László Krasznahorkai, has been a favourite among the youthful and rebellious intellectuals and readers, who take great delight in his cerebral and postmodern apocalyptic narratives. “The World Goes On,” is not novel, but a collection of short stories. Yet, do not be mistaken, in the hands of László Krasznahorkai, the short story form is taken into a completely exhilarating and experimental direction. Compromised of eleven short stories, told by a elusive and ever present narrator who pushes the reader to see the oddities, beauties, and great strangeness of the world. It has the distinct flare of Laszlo Krasznahorkai where madness and obsession threaten to break free from the page and consume the reader. A guaranteed frighteningly and rewarding read for those who enjoy being drawn close to the annihilating thought of the abyss.

Han Kang has made great splashes on the literary scene since her debut only a few years prior. Her novels “The Vegetarian,” and “Human Acts,” are noted for their surreal and visceral depictions of cruelty and misunderstandings among individuals. Her work is noted for its emotional and raw intensity as it explores the human heart and psyche. Her longlisted novel “The White Book,” is a testament to these established themes, but is also a personal mediation on the writer’s baby sister who died only two hours after being born. The novel is described as her most personal work to date, but also her most experimental.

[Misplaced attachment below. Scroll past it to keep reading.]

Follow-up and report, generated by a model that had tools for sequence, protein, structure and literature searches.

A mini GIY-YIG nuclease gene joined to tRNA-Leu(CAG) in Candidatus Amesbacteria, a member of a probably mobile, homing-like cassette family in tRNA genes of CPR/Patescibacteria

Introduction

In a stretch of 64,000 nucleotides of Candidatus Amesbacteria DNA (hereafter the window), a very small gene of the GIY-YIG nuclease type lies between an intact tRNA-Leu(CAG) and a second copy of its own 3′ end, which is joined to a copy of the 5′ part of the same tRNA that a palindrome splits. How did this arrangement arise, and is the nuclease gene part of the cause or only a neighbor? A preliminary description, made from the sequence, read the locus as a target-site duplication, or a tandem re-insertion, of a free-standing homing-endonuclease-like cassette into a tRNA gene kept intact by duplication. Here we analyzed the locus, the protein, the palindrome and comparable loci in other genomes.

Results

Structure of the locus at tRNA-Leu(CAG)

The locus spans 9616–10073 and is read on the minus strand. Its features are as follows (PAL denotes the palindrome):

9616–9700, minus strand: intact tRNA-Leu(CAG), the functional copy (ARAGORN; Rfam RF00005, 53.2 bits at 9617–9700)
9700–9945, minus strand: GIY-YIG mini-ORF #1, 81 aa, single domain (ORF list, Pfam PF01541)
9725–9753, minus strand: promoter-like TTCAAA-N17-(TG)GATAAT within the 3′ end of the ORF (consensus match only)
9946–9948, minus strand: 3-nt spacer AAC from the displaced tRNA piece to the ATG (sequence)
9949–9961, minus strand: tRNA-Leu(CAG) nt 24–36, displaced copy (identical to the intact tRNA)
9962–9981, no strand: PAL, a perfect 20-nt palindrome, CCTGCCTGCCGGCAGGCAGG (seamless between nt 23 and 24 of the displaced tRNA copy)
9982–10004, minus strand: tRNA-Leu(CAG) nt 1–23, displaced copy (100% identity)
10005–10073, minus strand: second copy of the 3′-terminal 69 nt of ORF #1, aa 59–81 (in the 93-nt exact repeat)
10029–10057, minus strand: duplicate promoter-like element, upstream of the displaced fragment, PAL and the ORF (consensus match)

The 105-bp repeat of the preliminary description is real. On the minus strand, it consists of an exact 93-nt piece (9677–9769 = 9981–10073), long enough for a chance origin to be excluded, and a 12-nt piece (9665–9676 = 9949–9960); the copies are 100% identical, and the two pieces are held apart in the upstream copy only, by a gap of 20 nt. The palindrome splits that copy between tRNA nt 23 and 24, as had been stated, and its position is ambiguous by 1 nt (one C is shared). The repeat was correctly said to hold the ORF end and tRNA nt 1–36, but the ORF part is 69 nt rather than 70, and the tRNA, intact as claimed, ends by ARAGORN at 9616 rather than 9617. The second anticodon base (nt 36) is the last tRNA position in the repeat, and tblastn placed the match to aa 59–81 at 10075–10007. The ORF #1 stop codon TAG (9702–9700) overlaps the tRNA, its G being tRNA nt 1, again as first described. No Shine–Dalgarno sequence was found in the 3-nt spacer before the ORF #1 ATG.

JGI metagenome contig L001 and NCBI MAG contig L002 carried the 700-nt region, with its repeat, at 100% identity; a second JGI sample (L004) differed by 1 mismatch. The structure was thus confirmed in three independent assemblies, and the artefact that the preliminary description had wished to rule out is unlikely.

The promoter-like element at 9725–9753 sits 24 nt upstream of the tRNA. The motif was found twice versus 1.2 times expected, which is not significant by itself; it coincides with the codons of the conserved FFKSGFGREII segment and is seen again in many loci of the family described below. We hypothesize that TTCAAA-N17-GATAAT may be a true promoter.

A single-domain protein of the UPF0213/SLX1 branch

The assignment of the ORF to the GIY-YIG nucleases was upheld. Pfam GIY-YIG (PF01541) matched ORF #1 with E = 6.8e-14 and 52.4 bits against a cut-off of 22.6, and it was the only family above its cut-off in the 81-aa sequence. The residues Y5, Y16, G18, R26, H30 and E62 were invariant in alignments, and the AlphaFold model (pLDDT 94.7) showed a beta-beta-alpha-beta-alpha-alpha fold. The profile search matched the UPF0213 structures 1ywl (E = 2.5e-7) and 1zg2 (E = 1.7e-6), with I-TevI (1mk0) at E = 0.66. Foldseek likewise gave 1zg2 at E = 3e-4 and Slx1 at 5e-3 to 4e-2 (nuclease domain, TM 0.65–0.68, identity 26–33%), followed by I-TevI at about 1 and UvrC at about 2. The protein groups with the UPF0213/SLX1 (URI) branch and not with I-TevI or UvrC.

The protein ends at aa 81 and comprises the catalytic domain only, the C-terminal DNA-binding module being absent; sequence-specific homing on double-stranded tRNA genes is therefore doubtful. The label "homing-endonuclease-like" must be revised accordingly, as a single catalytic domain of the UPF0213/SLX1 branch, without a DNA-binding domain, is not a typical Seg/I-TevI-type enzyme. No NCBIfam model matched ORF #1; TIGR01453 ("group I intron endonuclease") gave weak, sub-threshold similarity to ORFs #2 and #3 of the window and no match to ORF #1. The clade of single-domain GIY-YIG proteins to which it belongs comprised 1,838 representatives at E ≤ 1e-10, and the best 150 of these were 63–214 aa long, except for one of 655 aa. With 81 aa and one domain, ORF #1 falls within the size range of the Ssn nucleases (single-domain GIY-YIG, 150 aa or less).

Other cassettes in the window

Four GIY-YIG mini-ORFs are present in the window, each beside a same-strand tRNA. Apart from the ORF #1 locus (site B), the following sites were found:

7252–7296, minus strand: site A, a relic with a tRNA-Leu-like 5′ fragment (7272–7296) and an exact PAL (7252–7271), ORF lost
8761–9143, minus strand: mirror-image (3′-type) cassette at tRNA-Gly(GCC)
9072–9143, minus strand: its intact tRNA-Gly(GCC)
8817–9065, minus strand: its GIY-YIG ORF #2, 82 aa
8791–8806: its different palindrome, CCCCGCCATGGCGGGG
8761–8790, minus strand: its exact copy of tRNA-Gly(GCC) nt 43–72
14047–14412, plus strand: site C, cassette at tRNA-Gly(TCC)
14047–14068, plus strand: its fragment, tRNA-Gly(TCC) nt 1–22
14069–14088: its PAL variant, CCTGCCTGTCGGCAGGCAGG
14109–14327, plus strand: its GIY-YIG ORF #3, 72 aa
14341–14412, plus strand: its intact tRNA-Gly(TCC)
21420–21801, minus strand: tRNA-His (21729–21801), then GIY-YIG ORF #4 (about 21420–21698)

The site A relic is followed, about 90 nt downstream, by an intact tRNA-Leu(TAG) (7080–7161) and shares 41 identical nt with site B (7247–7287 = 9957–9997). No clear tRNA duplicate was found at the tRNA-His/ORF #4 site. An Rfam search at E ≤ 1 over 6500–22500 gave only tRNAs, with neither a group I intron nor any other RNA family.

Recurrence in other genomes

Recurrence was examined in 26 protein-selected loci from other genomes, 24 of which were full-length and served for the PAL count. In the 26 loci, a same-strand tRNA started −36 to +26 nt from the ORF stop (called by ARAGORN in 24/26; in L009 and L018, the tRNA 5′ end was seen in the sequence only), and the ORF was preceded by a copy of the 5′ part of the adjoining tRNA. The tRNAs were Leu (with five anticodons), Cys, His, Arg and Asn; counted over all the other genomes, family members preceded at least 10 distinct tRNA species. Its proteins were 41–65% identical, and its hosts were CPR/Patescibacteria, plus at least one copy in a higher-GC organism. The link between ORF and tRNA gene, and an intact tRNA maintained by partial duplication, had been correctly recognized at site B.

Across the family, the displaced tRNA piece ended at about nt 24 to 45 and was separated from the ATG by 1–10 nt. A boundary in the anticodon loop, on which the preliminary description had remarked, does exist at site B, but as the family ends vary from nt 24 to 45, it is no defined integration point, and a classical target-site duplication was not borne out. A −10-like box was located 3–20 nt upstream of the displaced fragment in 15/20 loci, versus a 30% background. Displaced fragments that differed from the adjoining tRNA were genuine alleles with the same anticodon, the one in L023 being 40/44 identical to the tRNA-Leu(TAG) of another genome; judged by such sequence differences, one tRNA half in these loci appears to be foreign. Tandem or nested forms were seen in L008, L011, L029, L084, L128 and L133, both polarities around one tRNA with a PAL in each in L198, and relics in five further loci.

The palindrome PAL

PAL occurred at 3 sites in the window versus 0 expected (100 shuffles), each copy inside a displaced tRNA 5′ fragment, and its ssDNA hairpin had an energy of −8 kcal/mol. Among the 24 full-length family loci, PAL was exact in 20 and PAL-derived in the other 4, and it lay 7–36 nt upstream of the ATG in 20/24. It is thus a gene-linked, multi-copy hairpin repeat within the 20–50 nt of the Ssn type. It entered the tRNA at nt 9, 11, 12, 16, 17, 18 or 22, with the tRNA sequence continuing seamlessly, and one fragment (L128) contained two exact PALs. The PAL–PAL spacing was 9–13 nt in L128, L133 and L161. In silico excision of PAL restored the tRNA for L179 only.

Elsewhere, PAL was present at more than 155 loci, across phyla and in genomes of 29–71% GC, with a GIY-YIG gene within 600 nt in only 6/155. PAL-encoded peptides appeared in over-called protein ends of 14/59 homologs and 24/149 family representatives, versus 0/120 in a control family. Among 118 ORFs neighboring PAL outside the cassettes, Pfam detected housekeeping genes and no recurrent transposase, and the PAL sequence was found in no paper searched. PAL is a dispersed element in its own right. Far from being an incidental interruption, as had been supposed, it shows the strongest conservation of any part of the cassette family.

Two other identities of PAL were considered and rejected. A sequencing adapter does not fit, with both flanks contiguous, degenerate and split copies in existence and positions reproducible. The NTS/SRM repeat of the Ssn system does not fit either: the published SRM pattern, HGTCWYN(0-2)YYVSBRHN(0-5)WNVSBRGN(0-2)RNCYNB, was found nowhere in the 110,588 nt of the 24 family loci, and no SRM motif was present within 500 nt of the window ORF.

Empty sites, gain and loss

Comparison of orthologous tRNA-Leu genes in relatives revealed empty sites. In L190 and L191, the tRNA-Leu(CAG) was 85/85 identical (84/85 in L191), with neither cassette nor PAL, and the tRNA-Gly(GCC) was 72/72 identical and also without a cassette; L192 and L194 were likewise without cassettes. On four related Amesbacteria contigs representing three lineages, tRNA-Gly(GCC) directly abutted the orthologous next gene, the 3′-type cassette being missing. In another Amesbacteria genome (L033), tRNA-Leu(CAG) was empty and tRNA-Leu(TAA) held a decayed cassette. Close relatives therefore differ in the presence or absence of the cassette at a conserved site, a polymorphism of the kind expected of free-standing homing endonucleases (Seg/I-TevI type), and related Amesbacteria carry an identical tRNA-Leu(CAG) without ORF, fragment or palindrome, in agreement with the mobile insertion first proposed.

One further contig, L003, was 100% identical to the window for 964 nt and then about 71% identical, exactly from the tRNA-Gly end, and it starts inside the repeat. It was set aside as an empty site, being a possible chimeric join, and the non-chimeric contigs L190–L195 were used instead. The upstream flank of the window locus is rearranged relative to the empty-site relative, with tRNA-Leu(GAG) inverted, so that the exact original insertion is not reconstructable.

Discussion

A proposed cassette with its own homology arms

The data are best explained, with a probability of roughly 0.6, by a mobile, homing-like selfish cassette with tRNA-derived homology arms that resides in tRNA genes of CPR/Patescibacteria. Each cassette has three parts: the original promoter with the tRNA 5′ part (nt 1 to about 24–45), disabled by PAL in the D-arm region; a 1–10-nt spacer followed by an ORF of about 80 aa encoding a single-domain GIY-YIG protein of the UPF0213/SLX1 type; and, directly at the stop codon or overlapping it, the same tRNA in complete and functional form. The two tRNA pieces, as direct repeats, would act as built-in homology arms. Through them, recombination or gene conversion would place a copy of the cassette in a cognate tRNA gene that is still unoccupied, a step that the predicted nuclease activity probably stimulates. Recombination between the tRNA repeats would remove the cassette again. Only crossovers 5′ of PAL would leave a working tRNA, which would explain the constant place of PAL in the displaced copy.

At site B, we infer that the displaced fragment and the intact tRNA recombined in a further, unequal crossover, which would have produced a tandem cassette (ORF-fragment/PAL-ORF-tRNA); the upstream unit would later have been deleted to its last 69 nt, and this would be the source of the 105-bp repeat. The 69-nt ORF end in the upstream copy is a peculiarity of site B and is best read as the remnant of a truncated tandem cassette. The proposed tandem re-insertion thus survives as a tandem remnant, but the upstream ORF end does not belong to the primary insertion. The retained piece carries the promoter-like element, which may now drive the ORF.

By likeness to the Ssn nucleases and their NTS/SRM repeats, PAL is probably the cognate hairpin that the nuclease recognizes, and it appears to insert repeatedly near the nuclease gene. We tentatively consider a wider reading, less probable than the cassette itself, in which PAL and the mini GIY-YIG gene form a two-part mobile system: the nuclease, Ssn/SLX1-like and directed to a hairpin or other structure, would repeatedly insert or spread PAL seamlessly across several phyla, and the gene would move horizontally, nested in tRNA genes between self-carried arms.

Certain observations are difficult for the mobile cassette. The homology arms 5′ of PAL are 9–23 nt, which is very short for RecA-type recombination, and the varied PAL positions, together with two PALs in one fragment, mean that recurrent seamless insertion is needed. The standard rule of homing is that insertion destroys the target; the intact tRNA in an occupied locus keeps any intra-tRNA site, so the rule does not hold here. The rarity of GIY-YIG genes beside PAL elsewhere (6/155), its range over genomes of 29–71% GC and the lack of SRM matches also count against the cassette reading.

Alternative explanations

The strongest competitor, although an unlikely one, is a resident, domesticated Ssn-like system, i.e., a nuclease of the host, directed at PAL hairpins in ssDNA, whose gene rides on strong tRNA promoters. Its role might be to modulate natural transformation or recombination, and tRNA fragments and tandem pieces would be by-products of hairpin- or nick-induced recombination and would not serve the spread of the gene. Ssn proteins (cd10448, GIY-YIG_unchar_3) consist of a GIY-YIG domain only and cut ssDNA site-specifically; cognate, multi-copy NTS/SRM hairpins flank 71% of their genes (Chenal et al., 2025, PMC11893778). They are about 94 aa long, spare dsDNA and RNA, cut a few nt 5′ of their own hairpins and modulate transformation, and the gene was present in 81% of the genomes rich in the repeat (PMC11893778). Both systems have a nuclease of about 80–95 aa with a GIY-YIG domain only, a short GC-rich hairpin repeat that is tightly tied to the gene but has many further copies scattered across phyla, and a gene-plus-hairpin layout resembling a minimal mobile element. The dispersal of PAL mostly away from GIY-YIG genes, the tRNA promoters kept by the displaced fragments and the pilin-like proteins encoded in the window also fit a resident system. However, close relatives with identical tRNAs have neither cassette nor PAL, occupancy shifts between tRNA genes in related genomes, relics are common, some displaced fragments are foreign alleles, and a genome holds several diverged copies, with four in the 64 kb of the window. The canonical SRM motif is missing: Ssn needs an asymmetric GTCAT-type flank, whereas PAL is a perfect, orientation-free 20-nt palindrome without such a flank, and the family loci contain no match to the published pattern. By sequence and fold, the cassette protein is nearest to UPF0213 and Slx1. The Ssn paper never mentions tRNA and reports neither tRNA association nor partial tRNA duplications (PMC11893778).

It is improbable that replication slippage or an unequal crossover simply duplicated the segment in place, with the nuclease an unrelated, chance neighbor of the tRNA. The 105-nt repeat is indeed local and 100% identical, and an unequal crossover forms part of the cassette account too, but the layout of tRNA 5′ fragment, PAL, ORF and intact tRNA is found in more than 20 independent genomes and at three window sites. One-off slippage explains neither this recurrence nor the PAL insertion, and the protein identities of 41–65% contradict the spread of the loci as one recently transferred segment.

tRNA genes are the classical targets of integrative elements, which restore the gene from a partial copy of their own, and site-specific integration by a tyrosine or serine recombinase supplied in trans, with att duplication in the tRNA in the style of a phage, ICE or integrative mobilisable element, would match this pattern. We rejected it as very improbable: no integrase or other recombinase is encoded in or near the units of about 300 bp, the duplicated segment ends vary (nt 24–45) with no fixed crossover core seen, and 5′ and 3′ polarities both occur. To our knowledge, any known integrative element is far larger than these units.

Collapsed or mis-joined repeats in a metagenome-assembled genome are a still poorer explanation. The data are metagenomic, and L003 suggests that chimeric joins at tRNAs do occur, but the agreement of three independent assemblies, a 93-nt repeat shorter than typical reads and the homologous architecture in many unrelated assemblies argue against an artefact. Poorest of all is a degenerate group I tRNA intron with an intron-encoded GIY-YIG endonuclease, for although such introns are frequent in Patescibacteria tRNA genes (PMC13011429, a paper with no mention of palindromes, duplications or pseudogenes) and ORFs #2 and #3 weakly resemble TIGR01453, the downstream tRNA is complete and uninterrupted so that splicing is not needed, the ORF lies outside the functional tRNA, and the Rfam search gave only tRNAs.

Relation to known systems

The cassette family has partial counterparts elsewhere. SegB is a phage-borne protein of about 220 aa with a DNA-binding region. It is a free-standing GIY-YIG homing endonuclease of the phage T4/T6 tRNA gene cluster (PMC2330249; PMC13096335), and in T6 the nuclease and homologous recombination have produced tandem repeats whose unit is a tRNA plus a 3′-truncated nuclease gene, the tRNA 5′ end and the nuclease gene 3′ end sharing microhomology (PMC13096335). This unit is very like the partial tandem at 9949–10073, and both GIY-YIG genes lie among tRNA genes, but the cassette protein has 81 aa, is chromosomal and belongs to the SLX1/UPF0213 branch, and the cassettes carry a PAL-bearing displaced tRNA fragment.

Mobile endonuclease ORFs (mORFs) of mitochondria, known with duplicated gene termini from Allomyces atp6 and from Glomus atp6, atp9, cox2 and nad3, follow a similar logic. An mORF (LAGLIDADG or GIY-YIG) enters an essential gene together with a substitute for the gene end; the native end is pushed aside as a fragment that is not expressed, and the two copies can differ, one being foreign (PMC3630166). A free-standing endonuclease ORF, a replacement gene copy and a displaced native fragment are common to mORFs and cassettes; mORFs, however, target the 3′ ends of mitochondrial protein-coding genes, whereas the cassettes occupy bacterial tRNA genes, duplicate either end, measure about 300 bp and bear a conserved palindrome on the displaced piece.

Of the authors on the longlist, I have only read one book: “Flights,” by Olga Tokarczuk; and sincerely hope it makes it to the shortlist. The novel is a unique format, riddled with personal essay, thoughts, stories, and anecdotes; it is both thought provoking, philosophical and enjoyable. Though, I slightly wonder and am curious about other writers who should have also been included on the longlist, such as the late Antonio Tabucchi with “Isabell: A Mandela,” or Fleur Jaeggy with “I am the Brother of XX,” or Bae Suah with “Recitation.” I sometimes wonder with peculiar uncertainty, if the Man Booker International Prize has made itself accessible for a diverse group of publishers to nominate and submit their publications for review and consideration with the award. I sincerely believe, the Man Booker International Prize is a capable prize which can encourage translations, and the publication of translated literature. I just wonder if it too suffers from myopia, as its parent prize the Booker Prize does.

For now though Gentle Reader, we can mull over the longlist and wonder who will make it to the shortlist, and who we wish to pick out and read of the works listed.

Thank-you For Reading Gentle Reader
Take Care
And As Always
Stay Well Read

M. Mary

Tuesday, 6 March 2018

Fumbling and Faltering over Fantasy

Hello Gentle Reader

[ Part I ]